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Disability Insurance for Psychiatrists: Costs and What to Know

Key Takeaways:

  • Disability insurance for psychiatrists can provide a monthly payout if you become disabled and can no longer work in the psychiatry field.
  • Psychiatrists are considered moderate-risk, which means you’ll pay lower premiums than physicians who perform surgeries. 
  • An own-occupation policy will provide you with the strongest disability coverage, allowing you to work outside psychiatry if desired.

With more than a decade of education and training, psychiatrists are put through a grueling four years of medical school followed by four years of residency. Then, you’re put under the daily stress of helping others manage the complexities of the human brain, which can present with a myriad of mental health conditions.

But what happens when your own health — mental or physical — starts to interfere with your duties as a psychiatrist? What if a long-term injury or illness prevents you from serving your patients to the best of your abilities?

Disability insurance serves as income protection from the unknown. But for psychiatrists with families, it becomes an even more important financial planning tool to protect loved ones. Here’s what to expect with disability insurance for psychiatrists.

Psychiatrist disability insurance premium cost

Disability insurance companies determine your premium using many personal and financial markers. This includes age, gender, occupation, medical history, state of residence and more. 

Most physicians can expect to pay between 2% to 4% of their income for true own-occupation disability coverage.

But premiums for disability insurance for psychiatrists will vary greatly depending on the individual. For example, here’s a sample quote for a female versus a male psychiatry resident or fellow.

Psychiatrist own-occupation disability insurance monthly cost
(Age 34, resident/fellow)

CompanyMaleFemale
Guardian$204$297
MassMutual$175$273
Principal$163$287
Ameritas$151$232
Standard$168$267
*NOTE: True own occupation definition, $5,000 base monthly benefit, $15,000 future increase benefit, Residual / recovery and mental / nervous coverage added. 3% inflation rider. 90 day elimination period. Includes 10%-30% discounts available through SLP Insurance LLC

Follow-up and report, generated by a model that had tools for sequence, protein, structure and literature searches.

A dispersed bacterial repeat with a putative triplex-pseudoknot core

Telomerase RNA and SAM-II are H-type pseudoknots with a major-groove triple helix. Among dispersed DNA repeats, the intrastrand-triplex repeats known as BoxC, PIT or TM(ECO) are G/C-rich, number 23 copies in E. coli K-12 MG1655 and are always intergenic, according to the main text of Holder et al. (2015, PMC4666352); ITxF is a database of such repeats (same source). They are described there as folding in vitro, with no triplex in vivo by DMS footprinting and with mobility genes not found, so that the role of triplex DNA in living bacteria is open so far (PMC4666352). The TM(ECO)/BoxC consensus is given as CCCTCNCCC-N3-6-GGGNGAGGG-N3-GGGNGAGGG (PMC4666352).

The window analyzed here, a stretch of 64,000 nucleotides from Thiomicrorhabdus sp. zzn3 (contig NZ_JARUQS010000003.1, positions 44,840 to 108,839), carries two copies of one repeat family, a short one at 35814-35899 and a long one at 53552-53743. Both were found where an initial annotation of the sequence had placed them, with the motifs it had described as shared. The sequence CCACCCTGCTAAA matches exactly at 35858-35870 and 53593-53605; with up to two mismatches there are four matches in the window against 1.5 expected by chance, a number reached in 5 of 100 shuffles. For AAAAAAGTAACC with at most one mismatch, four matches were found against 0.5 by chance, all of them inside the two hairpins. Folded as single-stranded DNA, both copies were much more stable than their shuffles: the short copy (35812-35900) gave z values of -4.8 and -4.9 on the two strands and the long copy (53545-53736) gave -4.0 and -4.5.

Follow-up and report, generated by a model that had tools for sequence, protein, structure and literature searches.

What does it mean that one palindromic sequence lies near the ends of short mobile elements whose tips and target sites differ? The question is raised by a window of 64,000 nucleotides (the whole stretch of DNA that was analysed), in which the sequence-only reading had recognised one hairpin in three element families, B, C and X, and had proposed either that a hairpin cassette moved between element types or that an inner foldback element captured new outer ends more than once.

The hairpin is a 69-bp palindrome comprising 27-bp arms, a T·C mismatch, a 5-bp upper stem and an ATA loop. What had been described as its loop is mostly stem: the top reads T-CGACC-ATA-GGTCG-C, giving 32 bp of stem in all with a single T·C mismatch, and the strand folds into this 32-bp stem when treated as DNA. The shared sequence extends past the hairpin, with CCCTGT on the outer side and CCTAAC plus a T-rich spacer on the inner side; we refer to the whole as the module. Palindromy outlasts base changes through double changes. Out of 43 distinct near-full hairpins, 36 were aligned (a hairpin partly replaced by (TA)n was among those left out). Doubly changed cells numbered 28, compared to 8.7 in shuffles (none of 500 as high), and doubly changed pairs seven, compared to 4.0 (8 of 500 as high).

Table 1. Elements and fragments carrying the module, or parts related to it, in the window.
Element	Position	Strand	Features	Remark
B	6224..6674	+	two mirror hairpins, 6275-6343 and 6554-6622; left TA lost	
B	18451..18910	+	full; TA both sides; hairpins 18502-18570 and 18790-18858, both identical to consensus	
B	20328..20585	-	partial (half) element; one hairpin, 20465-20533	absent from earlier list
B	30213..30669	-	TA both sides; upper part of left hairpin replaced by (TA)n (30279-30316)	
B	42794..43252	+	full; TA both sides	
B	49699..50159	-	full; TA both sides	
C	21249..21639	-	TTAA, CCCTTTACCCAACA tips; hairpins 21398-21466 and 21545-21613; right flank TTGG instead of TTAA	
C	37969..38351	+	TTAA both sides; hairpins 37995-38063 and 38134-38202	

As shown above, a male psychiatry resident or fellow could buy own-occupation disability coverage with a $5,000 monthly benefit for about $150 to $200 per month. Whereas a female psychiatry resident could pay about $230 to $300 per month for the exact same coverage.

Because women often pay more for disability insurance (up to 35% more), it’s important to work with a knowledgeable independent insurance agent who can compare policy options to find the best unisex pricing.

Keep in mind this quote provides a future increase option, residual disability rider and a catastrophic disability benefit. Your individual premiums will depend on your own needs and preferences.

SLP Insurance can provide a custom quote for true own-occupation disability insurance for psychiatrists. Fill out the form below to get started, or keep reading to learn what you need for adequate disability coverage.

Own-Occupation Disability Insurance Quote Form

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Why do psychiatrists buy disability insurance?

Psychiatrists aren’t as reliant on their hands or limbs for their profession. But you need a sound mind to guide, diagnose and treat patients with a variety of mental health concerns. Your cognitive abilities are of the utmost importance to carrying out your job duties.

As a psychiatrist, you have a deep understanding of the many mental illnesses and disorders that can greatly impact everyday life. Additionally, there are endless physical injuries or disabling conditions that could prevent you from continuing in a profession that you’ve not only dedicated your life to but also likely taken on six-figure student loan debt for medical school.

Long-term disability insurance can help you protect your income and education investment by providing a monthly benefit in the event of a qualifying disability. This payout will continue for a few years or until retirement age, depending on your policy. With true own-occupation disability coverage, you can continue working in another job or field while collecting full benefits.

What should psychiatrist disability insurance include?

The salary of psychiatrists increases rapidly after residency, so they should not overlook some important disability insurance options.

First and foremost, a true own-occupation policy will provide you with the strongest definition of disability. This makes it easier to qualify for a disability claim as you only have to prove that your injury or illness prevents you from carrying out your normal psychiatrist job duties — not from working altogether. Additionally, it allows you to find work outside of the psychiatry field while still collecting full benefits for the duration of your benefit period.

Other important policy decisions include choosing optional riders that might enhance your coverage, such as a future increase option. This rider allows you to increase your benefit amount as your income increases without undergoing additional medical underwriting.

Additional options might include:

  • Partial disability rider.
  • Cost-of-living adjustment (COLA).
  • Catastrophic disability benefit.
  • Student loan protection rider.

Different policies will have different policy rider options. And for most, you won’t be able to add them at a later date. So, it’s important to discuss options with a knowledgeable insurance agent.